Many HOA’s are well run. Their residents are fortunate. We often meet with the residents of HOA’s that are poorly run and are unresponsive to homeowner concerns. There is nothing more frustrating than attempting to work with an HOA Board or Management Company that will not listen, does not care or is openly antagonistic.
We have met with many homeowners who feel that they are being bullied. A natural inclination is to fight back by withholding payment of HOA dues. After all, if they are not getting the services they pay for, why should they continue to pay? Right?
Wrong! Regardless of the circumstances, failure to pay HOA dues is almost always a mistake and will usually end poorly. At best, a homeowner will need to pay more than they would otherwise pay with late charges and, sometimes, attorney fees added. At worst, a lawsuit will be filed to foreclose the HOA’s lien for delinquent dues. ARS 33-1807 (A) provides, in part, that:
“A. The association has a lien on a unit for any assessment levied against that unit from the time the assessment becomes due. The association’s lien for assessments, for charges for late payment of those assessments, for reasonable collection fees and for reasonable attorney fees and costs incurred with respect to those assessments may be foreclosed in the same manner as a mortgage on real estate but may be foreclosed only if the owner has been delinquent in the payment of monies secured by the lien, excluding reasonable collection fees, reasonable attorney fees and charges for late payment of and costs incurred with respect to those assessments, for a period of one year or in the amount of $1,200 or more, whichever occurs first, as determined on the date the action is filed….”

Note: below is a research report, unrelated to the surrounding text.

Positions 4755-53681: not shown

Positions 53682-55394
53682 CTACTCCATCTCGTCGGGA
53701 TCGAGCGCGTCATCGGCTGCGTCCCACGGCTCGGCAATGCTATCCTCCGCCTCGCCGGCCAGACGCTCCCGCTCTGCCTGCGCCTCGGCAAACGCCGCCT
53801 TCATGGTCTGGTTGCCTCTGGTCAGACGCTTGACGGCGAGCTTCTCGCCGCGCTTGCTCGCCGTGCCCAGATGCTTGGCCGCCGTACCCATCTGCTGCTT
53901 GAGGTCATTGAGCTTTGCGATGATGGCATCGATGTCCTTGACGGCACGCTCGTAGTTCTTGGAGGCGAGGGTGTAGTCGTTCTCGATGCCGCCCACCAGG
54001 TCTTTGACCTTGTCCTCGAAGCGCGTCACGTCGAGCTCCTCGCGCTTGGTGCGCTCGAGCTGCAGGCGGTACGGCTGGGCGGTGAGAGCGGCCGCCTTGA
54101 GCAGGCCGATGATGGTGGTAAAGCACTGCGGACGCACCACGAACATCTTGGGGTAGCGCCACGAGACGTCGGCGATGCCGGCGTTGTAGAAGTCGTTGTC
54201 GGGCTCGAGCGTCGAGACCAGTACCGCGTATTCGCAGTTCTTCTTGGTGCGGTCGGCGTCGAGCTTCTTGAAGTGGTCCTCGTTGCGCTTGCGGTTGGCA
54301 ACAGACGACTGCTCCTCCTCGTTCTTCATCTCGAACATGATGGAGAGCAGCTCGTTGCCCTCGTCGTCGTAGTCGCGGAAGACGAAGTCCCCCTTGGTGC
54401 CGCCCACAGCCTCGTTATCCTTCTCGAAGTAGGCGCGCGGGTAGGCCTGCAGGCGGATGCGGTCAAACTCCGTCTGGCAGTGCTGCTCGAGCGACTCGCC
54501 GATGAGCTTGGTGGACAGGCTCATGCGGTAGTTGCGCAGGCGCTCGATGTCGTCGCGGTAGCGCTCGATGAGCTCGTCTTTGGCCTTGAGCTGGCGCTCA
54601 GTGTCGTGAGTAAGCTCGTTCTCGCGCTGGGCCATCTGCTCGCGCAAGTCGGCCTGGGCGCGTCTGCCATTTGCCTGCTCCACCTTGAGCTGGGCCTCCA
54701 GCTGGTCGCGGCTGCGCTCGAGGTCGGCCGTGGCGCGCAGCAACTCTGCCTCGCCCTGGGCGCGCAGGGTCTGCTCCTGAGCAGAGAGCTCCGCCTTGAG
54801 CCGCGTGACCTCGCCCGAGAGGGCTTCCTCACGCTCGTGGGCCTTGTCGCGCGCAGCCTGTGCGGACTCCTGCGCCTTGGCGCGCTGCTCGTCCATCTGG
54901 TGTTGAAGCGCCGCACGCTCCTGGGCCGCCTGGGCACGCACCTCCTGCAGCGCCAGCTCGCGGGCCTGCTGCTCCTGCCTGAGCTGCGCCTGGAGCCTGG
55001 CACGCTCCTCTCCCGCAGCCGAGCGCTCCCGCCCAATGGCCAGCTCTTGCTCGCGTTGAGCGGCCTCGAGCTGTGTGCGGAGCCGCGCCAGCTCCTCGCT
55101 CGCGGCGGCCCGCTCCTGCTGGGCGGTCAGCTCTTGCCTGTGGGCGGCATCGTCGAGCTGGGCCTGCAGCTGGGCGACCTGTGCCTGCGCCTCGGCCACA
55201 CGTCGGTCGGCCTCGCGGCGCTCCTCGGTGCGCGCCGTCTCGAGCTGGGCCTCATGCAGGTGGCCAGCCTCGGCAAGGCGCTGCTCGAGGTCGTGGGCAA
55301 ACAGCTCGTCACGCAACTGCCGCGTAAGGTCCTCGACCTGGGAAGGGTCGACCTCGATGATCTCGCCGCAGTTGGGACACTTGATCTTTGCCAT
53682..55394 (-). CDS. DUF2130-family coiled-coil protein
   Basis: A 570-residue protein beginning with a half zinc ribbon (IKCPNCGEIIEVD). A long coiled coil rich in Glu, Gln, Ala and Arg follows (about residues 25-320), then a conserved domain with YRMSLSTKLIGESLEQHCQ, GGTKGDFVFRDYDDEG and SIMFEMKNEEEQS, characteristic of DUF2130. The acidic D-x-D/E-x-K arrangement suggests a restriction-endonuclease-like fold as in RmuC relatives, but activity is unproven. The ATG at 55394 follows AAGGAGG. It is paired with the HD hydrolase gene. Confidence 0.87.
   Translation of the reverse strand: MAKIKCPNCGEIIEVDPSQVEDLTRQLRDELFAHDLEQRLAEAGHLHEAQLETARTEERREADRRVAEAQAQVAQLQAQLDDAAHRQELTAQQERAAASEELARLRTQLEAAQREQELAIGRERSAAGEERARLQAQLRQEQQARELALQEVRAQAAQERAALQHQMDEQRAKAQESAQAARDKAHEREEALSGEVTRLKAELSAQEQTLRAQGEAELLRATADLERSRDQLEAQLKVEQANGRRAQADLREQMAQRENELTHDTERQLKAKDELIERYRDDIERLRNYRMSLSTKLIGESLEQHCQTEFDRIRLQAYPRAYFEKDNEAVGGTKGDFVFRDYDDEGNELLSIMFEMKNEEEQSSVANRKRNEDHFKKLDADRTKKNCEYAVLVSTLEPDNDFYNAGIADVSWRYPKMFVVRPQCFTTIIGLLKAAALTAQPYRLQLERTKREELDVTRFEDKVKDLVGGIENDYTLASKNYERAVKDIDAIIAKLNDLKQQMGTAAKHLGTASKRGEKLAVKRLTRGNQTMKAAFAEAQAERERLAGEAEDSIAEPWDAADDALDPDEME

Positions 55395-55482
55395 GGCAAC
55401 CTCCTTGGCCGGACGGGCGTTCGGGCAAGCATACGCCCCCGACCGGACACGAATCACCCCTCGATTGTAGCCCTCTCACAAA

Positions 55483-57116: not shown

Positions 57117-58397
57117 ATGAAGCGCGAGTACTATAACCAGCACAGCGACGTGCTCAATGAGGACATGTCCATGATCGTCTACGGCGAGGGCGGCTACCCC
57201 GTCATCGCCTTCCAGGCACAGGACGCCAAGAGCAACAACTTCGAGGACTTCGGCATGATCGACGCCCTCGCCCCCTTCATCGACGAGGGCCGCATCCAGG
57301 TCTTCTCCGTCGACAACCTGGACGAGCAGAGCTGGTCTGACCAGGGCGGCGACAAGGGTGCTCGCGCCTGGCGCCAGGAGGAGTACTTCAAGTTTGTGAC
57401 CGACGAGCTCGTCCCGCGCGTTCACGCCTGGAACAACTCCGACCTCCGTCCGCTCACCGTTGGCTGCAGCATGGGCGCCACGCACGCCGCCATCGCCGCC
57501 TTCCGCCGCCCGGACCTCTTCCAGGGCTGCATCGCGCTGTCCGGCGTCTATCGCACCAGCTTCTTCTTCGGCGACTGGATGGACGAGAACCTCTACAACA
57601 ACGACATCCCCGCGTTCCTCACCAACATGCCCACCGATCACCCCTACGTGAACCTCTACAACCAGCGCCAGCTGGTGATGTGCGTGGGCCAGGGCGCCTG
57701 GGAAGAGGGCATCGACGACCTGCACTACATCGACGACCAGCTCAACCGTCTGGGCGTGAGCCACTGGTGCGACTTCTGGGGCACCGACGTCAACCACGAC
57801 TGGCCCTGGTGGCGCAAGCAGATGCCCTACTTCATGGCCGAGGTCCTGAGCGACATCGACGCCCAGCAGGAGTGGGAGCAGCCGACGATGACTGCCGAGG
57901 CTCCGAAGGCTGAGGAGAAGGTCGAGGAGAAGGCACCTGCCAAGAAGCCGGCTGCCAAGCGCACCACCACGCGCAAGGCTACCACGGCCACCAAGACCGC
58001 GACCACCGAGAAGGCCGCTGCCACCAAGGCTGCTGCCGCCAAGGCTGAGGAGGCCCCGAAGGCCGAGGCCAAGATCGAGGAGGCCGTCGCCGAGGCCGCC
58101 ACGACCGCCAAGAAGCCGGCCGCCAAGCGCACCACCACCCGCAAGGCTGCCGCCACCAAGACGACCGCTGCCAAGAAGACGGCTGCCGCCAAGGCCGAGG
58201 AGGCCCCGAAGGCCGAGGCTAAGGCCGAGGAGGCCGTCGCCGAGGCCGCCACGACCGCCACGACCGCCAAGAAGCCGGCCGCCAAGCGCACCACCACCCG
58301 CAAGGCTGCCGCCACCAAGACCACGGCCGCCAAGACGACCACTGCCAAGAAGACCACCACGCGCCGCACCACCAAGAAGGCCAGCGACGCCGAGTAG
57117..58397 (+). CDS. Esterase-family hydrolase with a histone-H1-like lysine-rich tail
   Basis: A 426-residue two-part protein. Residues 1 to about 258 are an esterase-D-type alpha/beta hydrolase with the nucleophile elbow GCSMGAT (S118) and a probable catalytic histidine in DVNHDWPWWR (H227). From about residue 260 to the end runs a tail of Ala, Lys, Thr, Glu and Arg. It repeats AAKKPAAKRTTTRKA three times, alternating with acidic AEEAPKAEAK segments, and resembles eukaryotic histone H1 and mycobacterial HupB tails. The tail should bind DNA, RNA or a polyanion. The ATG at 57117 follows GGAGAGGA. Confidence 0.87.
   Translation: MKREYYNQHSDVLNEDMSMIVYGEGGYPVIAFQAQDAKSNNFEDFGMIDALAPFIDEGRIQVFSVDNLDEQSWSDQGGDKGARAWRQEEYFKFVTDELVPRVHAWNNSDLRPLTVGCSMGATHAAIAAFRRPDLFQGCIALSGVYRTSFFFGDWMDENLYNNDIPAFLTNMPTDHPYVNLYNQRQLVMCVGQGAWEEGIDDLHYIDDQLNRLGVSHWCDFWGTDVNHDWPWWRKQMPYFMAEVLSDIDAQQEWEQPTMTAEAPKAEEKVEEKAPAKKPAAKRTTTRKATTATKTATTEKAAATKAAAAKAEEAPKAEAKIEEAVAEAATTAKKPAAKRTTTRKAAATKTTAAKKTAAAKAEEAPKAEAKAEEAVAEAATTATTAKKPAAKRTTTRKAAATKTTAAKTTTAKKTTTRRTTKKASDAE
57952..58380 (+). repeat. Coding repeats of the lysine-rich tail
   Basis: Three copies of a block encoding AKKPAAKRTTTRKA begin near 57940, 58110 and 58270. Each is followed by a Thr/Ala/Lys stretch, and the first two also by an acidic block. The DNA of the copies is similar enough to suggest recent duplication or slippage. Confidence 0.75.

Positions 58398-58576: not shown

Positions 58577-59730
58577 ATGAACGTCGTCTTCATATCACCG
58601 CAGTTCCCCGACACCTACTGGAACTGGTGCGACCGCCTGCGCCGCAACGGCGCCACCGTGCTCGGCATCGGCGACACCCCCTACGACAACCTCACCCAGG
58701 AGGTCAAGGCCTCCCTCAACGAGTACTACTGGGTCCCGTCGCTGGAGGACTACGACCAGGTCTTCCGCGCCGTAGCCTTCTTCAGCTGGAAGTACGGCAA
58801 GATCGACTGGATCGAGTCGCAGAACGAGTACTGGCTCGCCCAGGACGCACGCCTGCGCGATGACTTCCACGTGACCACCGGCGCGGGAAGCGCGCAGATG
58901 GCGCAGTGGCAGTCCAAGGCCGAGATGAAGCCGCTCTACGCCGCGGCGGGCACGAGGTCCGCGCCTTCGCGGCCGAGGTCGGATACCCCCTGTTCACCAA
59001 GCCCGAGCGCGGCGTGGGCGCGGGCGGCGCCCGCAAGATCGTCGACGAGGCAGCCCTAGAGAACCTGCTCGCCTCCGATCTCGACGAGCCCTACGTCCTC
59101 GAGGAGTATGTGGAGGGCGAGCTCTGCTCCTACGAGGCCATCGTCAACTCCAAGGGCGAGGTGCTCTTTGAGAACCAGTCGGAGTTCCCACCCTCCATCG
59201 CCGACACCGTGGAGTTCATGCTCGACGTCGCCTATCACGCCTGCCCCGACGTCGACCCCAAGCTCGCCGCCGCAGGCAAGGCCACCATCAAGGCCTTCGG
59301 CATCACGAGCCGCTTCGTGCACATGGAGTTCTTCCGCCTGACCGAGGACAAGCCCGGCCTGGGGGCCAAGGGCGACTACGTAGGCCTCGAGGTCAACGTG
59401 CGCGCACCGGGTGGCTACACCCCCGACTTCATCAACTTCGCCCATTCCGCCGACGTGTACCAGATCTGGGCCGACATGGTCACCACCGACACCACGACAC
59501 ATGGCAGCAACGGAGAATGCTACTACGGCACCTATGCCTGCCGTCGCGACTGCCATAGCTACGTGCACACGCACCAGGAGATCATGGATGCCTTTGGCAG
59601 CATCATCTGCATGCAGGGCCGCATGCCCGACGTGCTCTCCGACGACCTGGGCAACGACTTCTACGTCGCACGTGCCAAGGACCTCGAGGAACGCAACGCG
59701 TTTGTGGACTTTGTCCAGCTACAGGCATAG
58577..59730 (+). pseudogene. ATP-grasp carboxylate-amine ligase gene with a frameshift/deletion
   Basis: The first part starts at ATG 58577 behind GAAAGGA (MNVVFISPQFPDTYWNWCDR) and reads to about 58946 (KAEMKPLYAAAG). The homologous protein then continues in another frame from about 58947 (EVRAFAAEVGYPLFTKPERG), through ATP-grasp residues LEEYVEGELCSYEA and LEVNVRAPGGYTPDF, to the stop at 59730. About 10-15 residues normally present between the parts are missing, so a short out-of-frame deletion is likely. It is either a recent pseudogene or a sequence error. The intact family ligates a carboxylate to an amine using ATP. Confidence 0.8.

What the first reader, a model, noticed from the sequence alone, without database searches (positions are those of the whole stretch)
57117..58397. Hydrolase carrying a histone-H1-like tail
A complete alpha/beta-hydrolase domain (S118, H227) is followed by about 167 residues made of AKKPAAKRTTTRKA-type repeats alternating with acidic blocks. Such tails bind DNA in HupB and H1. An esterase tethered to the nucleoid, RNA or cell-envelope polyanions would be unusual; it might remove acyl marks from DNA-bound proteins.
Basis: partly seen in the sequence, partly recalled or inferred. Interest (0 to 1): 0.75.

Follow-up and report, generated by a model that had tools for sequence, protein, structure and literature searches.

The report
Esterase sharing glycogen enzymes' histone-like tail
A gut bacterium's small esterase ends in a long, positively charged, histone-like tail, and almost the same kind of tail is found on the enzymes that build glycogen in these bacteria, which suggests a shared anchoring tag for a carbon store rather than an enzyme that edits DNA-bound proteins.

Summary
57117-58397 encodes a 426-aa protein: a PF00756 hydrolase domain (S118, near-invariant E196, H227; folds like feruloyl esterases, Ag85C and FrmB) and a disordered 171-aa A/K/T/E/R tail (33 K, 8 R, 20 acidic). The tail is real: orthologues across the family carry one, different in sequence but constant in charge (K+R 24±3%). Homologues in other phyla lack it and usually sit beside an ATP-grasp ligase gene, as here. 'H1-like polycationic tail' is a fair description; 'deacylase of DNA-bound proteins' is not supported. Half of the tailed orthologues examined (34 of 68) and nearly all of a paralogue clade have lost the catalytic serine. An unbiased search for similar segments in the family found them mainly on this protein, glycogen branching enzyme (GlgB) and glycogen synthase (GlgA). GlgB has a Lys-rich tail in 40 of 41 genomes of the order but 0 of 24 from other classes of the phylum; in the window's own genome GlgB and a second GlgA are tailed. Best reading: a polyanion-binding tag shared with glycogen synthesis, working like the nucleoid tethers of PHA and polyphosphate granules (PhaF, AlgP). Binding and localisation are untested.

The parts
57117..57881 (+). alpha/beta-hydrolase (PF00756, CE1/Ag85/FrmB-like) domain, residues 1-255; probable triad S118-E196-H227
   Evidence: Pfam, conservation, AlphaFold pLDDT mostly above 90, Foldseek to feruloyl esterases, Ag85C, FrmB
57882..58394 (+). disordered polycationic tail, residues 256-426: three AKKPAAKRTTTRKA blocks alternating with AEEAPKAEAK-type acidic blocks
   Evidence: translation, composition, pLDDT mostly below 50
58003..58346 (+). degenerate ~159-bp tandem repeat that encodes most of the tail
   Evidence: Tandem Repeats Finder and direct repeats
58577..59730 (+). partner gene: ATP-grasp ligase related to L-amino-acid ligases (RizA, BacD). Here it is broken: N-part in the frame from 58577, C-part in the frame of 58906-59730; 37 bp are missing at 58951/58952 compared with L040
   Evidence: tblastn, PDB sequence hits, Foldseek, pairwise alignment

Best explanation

When a lawsuit is filed, costs increase rapidly. A homeowner is in risk of losing their home and will need to hire counsel to defend. A recent Arizona case demonstrates how matters can easily go very wrong.
In Laveen Meadows Homeowner’s Association v. Mejia, 1CA-CV 18-0276, 5/5/20, the homeowner did not timely respond to the HOA’s foreclosure lawsuit and a default was entered. However, the homeowner did promptly file a motion for relief from the default and paid all the past due HOA dues in full, but did not pay interest, costs and legal fees.
The Court found, after a hearing, that the homeowner had, indeed, paid all delinquent HOA dues but allowed the foreclosure to proceed anyway and a default judgment was entered. The Court ruled that, since the HOA had the right to foreclose at the time its complaint was filed, it was allowed to proceed with its foreclosure action for the remaining unpaid fees and costs. The Court also allowed the HOA an award of additional fees and costs.
The take-away from the Laveen Meadow case is that:
- Don’t allow your HOA dues to become delinquent;
- If a delinquency occurs, pay whatever amount the HOA is demanding as soon as possible—even if the amount demanded is too much. If you overpay, you can file a civil action in court to seek a refund. But, in the meantime, you will be protected from additional late fees, attorney fees and the possibility of a foreclosure lawsuit.
- Do not allow a matter to proceed to a lawsuit. If a lawsuit is filed; hire an attorney to protect your home.
Platt and Westby, P.C. has offices in Phoenix and Gilbert, Arizona.